Resource: 9th Street New Media Art Exhibition
When curating the upcoming group multimedia exhibit Resource, Lacey Haslam took her cue from the current state of the Bay Area. Specifically, she calls on both tech-industry-induced displacement and the recent drought to draw attention to instances in which communities have been unable to tap into the resources that surround them. “Ironically, while technology aims to help people stay connected, the industry is reconfiguring our communities — the same dehydrated communities that are defined by a body of water that is unavailable for consumption,” she wrote in the curatorial statement. In contrast, Resource hopes to reach as many people as possible. The show will consist of a series of video works by seven artists that will be projected onto storefront windows on 9th Street between Broadway and Washington in Old Oakland. Featuring work by Erik Colleen Johnson, Ellen Lake, Nathan Lynch, Kari Marboe, George Pfau, Jeffrey Augustine Songco, and Doug Garth Williams, the show will illuminate the block, highlighting our collective ability to shape our city — even as it shifts around us. — Sarah Burke
Fridays, Saturdays. Continues through Dec. 27. Free. Block-Gallery.com
[jump] Tim Wendelboe
The Berkeley-based roaster Supersonic Coffee has mostly kept things low-key in the months since it first opened its doors, picking up a handful of high-profile wholesale contracts around the country. This Friday will offer an opportunity for the everyday coffee enthusiast to get a better idea of what Supersonic is all about. The roaster will host Tim Wendelboe, a superstar of the coffee world who has won both a World Barista Championship and a world title in coffee “cupping” (aka tasting). His coffee is served at Noma, the Copenhagen restaurant that often ranked as one of the world’s top dining establishments. On Friday, Wendelboe will give a talk on the intimate, research-based collaboration he has undertaken with Finca Tamana, a coffee farm in Colombia, after which there will be a Q&A and an opportunity for participants to taste samples of Finca Tamana coffee. At 8 p.m., the roastery will opens its doors for an open house for anyone interested in touring the premises. —Luke Tsai
Friday, December 26, 5–8 p.m., $20. SupersonicCoffee.com.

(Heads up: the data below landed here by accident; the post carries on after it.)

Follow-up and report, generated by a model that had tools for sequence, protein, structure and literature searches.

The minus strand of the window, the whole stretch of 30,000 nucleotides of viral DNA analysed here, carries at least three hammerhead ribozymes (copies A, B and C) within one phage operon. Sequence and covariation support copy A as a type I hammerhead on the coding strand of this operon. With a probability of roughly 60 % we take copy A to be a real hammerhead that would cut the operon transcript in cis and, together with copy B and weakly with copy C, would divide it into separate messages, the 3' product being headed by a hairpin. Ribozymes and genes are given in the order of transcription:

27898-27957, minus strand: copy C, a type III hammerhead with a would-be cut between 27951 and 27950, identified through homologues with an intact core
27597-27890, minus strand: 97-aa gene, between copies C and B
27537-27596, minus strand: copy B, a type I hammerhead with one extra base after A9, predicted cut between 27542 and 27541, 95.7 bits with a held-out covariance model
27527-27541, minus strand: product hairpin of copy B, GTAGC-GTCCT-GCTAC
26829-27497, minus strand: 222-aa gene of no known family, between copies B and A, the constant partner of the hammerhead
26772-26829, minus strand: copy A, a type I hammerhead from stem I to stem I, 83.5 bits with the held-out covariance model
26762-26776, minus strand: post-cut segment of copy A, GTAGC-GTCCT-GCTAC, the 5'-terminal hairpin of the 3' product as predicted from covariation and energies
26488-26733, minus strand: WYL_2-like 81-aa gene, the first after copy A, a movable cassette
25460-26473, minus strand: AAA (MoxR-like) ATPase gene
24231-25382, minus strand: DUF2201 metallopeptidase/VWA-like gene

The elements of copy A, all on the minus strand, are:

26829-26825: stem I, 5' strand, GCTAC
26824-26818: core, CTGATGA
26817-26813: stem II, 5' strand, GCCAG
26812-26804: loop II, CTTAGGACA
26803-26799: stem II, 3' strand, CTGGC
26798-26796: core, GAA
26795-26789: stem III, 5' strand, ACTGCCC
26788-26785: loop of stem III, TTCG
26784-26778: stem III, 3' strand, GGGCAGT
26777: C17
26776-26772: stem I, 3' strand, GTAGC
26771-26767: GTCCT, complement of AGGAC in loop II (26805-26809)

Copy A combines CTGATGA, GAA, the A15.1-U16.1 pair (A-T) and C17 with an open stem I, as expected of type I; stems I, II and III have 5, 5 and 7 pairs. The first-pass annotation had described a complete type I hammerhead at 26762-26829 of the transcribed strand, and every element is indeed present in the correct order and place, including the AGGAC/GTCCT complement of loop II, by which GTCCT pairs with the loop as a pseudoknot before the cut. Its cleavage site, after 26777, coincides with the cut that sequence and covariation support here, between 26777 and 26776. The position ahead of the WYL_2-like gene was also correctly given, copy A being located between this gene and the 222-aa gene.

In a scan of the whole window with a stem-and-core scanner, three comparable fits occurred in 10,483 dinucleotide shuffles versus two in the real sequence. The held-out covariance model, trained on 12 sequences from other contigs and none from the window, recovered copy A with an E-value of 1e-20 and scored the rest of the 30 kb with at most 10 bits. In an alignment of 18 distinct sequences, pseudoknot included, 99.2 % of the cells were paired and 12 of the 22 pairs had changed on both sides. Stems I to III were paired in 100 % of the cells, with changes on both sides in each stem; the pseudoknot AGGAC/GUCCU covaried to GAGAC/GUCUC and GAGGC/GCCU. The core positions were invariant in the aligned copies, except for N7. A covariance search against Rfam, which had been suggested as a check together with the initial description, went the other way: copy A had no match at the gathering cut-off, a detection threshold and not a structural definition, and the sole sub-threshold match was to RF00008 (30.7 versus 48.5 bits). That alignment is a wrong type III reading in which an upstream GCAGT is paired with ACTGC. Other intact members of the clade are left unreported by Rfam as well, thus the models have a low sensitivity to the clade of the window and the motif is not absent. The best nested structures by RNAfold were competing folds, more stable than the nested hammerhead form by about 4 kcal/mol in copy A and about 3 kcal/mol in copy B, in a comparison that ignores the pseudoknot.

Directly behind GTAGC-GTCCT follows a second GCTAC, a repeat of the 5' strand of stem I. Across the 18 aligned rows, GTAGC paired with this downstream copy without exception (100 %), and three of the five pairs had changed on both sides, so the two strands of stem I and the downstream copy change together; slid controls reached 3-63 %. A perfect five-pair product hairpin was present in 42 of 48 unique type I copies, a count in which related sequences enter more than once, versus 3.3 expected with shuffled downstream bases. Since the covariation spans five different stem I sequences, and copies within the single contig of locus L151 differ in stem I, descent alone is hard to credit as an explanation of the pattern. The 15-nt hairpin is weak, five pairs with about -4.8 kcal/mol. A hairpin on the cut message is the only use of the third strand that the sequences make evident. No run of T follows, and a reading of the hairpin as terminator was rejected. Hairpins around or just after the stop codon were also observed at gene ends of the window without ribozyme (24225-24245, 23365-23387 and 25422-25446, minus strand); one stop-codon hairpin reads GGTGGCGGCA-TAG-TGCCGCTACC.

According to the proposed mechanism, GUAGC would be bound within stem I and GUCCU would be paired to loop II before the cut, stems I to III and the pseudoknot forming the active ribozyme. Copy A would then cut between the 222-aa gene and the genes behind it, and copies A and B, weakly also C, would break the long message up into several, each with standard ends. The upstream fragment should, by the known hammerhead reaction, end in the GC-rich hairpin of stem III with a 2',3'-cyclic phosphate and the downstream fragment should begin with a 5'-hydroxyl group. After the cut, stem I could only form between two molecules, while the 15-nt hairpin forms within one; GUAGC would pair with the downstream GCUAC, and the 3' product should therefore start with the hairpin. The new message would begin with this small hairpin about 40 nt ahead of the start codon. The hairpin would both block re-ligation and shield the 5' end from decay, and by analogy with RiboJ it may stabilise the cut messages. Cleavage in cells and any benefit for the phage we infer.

The titular “us” of LeQuiVive Gallery’s current group show refers to local artists Lauren YS, Bruce Parker, Matt Ritchie, and Patrick O’Connell. The meaning behind the title isn’t explicit, but it invokes an “us” versus “them” dichotomy — not aggressively, but without apology. The group of artists present impeccable works of pop-surrealist and “lowbrow” paintings —— to throw a loose net over them — each with a distinct style that calls upon staples of the styles while infusing them with relevance and originality. O’Connell’s work alludes to illustrative traditions most clearly, with a series of portraits of famous drawn characters, such as Roger Rabbit and Popeye, done in an overtly faux-retro style with total referential accuracy. Bruce Parker’s work utilizes a cast of characters seemingly out of the same era, but dipped in radioactive waste and left to mutate and melt. Each piece is bold yet intricate, expertly employs the grey scale to render his globbings of pop symbology. Matt Ritchie’s incredibly detailed and layered work hangs in the center, a series of hand-cut wooden shapes that each encase a tiny wooden amulet painted white and illustrated with ballpoint pen. One is a fish framing a Swiss army knife, just like the one his father gave him, and another is a fighter jet with a replica of the Air Force wings that his grandfather wore. The work of Lauren YS hangs on the opposite wall, appropriately separated for its more villainous aesthetic and loose artistic hand. Her work provides representation for the Japanese anime influence to the artistic genre, with gooey lady-monsters in bold, neon colors. Overall, the show is a roundup of local illustrating heroes worthy of a good, long geek-out. —S. B.